When he awoke, Robyn was slumped against a large Blackwood. His heart throbbed in his temples and as he came to he saw that the large man was crouched across from him. His clothes were wet and clinging to him tight as a lover. His makeshift quarterstaff rested between them. “You’re him, aren’t you?” the man said. “Robyn Hood, I mean.”
Robyn’s attempted to speak, but only managed to muster a sound like steel scraping an anvil. He nodded in affirmation. His lips moved, but not a sound escaped them. How did you know?
“How’d I know?” the man said, “They tell tales of you all over Nottingham—you’re a legend in the making, and your fighting is something to be rivaled.”
Robyn managed a terse reply. “I should be saying that of you.” He sputtered out coughs.
“You’d beat me on level ground, I’m sure of it. One battle does not a victor decide.”
“Wise words.” Robyn grunted to his feet and held out a calloused hand. “Shall we try again?”
The man swatted his hand away. “Save your strength, Robyn Hood. I have a feeling you’ll need it. The Sheriff’s men are not done looking for me.”
“So that’s why you saved me.” Robyn’s voice was coming back.
“You want refuge from the Sheriff and his men.”
The giant shook his head. Droplets of water scattered through the air. “I’ll not deny it,” he said. “But think on this—why would I save you after you accused me of lycanthropy?”
Robyn opened his mouth to speak, but no words came to him. “You want to join me?”
“Then kneel. Don’t stand there gawking. I won’t be taking your head off your shoulders.”
Hesitantly, the man knelt. Robyn grasped a branch and hauled himself to his feet and over to a patch of grass where his swordbelt lay. The leathers were of no use anymore. But this bandit had taken his sword from the sheath. He’s smart, Robyn thought. He smiled, despite himself.
Robyn grasped his sword and stalked over to where the man knelt. He leveled the sword, and said, “State your name and title.”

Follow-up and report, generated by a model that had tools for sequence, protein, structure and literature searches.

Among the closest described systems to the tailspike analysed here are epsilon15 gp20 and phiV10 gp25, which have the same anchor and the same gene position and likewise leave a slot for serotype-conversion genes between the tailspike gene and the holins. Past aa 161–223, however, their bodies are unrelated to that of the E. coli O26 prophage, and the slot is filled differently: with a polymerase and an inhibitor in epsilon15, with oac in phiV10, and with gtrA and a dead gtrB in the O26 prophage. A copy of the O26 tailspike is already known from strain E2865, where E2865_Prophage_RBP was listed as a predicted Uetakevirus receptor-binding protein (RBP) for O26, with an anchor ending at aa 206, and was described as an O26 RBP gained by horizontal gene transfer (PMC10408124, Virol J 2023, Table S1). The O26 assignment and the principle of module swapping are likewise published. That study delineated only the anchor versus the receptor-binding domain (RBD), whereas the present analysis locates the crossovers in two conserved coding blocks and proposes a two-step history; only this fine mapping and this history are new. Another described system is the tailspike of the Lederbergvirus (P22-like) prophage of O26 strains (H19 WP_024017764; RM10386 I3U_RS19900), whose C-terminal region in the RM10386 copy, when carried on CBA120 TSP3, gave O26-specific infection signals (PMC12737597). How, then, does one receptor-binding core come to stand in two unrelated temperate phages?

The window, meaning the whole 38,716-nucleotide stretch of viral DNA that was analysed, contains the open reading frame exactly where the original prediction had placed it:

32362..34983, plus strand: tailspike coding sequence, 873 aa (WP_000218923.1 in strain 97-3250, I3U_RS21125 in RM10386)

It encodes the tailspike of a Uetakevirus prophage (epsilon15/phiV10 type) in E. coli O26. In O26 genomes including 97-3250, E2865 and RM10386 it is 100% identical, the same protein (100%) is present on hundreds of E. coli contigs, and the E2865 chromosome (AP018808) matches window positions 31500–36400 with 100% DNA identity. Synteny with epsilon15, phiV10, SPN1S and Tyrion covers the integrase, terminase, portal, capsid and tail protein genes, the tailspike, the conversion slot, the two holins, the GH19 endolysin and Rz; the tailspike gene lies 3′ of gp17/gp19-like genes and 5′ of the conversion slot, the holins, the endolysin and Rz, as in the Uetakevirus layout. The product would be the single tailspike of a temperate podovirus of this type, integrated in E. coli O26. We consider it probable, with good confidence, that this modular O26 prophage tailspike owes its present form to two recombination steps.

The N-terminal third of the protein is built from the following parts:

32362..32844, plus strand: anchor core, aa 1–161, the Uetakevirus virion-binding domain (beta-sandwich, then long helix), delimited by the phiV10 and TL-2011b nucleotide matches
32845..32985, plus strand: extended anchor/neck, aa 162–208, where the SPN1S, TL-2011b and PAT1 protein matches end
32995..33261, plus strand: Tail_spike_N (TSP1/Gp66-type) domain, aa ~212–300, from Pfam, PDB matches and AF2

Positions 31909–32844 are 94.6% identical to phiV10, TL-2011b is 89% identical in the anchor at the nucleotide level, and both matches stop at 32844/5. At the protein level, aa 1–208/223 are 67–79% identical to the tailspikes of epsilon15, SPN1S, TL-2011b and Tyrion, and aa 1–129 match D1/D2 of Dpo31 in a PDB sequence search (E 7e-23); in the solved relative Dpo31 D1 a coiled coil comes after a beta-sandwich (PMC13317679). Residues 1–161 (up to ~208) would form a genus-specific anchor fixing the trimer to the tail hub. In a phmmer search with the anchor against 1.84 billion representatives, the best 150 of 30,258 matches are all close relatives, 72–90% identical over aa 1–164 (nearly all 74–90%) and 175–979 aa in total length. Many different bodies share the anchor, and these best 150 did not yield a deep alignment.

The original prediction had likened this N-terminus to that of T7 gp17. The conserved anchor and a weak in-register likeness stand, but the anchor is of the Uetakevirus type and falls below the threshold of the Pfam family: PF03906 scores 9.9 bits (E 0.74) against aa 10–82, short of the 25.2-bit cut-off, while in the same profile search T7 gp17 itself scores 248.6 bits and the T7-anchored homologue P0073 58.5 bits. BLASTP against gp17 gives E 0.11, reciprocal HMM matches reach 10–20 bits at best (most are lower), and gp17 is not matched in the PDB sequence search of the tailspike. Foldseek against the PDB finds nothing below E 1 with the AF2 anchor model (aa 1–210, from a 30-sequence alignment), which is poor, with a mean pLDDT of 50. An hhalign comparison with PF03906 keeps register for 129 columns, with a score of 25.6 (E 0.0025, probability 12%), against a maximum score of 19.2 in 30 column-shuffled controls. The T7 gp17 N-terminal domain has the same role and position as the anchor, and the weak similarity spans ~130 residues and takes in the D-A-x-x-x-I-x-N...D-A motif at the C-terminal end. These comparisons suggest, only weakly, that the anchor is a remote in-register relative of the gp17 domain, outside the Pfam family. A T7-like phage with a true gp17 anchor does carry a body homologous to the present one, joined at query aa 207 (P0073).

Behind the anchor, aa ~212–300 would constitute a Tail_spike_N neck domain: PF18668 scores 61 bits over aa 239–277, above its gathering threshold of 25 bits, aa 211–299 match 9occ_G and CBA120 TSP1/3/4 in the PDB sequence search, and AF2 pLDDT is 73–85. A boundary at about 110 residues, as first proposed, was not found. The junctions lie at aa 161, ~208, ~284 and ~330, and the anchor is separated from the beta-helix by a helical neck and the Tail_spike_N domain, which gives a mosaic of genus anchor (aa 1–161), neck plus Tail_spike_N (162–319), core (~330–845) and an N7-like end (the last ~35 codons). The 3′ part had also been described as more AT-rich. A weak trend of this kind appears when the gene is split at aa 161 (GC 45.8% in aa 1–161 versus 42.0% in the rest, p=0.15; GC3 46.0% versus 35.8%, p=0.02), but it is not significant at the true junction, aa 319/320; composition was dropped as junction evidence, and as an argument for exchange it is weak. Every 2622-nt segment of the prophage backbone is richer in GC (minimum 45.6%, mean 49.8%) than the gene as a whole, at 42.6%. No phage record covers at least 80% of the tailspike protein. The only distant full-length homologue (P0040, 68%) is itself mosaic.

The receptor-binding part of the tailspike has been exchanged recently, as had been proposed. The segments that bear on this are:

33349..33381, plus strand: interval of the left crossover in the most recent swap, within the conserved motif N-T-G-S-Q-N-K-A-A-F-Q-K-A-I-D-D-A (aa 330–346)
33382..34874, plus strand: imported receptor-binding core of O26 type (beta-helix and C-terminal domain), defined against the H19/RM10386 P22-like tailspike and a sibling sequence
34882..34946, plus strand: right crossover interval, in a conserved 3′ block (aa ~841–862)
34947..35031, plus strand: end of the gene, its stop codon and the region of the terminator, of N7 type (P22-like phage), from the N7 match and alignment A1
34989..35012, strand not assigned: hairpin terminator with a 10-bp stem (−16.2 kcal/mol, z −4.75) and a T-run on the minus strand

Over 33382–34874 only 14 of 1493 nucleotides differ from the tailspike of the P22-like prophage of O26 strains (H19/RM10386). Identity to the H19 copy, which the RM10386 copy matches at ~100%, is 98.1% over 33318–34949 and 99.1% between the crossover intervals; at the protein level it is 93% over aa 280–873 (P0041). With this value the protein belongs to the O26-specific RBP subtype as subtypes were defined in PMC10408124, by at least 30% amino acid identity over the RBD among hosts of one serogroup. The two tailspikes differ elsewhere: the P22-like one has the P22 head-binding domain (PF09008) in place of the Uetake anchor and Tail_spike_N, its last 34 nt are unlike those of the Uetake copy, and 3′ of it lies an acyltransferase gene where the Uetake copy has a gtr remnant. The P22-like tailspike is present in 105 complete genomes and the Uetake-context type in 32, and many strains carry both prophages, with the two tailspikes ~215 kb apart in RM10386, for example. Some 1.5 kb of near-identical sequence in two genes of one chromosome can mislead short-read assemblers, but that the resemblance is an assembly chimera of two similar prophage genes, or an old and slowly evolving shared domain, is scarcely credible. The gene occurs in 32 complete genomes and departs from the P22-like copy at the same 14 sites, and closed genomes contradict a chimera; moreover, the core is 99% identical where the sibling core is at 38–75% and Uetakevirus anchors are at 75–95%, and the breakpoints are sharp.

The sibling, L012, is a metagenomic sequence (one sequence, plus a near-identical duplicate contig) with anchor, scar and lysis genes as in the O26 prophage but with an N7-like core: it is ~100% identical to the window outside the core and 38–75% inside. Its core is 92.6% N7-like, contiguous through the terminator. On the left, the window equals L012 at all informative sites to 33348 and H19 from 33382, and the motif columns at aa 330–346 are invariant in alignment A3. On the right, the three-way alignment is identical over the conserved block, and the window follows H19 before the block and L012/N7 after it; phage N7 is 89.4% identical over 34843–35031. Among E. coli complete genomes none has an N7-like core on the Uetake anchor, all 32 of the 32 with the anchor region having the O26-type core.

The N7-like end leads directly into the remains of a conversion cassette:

“John Little of…of…I have no title, sir.”
“It matters not,” Robyn said. “I Christen you Little John of Sherwood Forest, and of Robyn Hood’s Merry Men.” He grinned. “The tales usually omit this next part from the knighting ceremony.” He smacked John across the face with the flat of his blade. “Let that be the last blow you take and do not return in kind. You may rise.
“Little John?” the man echoed, “Is that what you’ll call me? It seems a jest.”
“It is,” Robyn laughed. “Take it in good faith. Come, I will bring you to my hideaway. There are many you have not met.”
Little John raised an eyebrow. “You don’t think me a werewolf?”
“You trust me?”
“Aye,” Robyn said. “I trust you.”
* * *
Night fell over Sherwood Forest, leaving only moonlight to glitter through the treetops. Robyn crept to his feet. The men in his camp did not stir—and the outlaw was cautious not to wake John Little.
He stole away through the dead of night. He was surefooted, moving like a carefully chosen word. He trained his eye on a Birchwood on the horizon. With every step, his movements grew slower as if walking through tar. The world blurred around him like wet paint. His stomach somersaulted.
He wished he could say it was his first time the sensation came over him.
It was the price he paid to visit his mentor.
The world crumbled around him. His heart pounded like in his chest. He fell to his knees.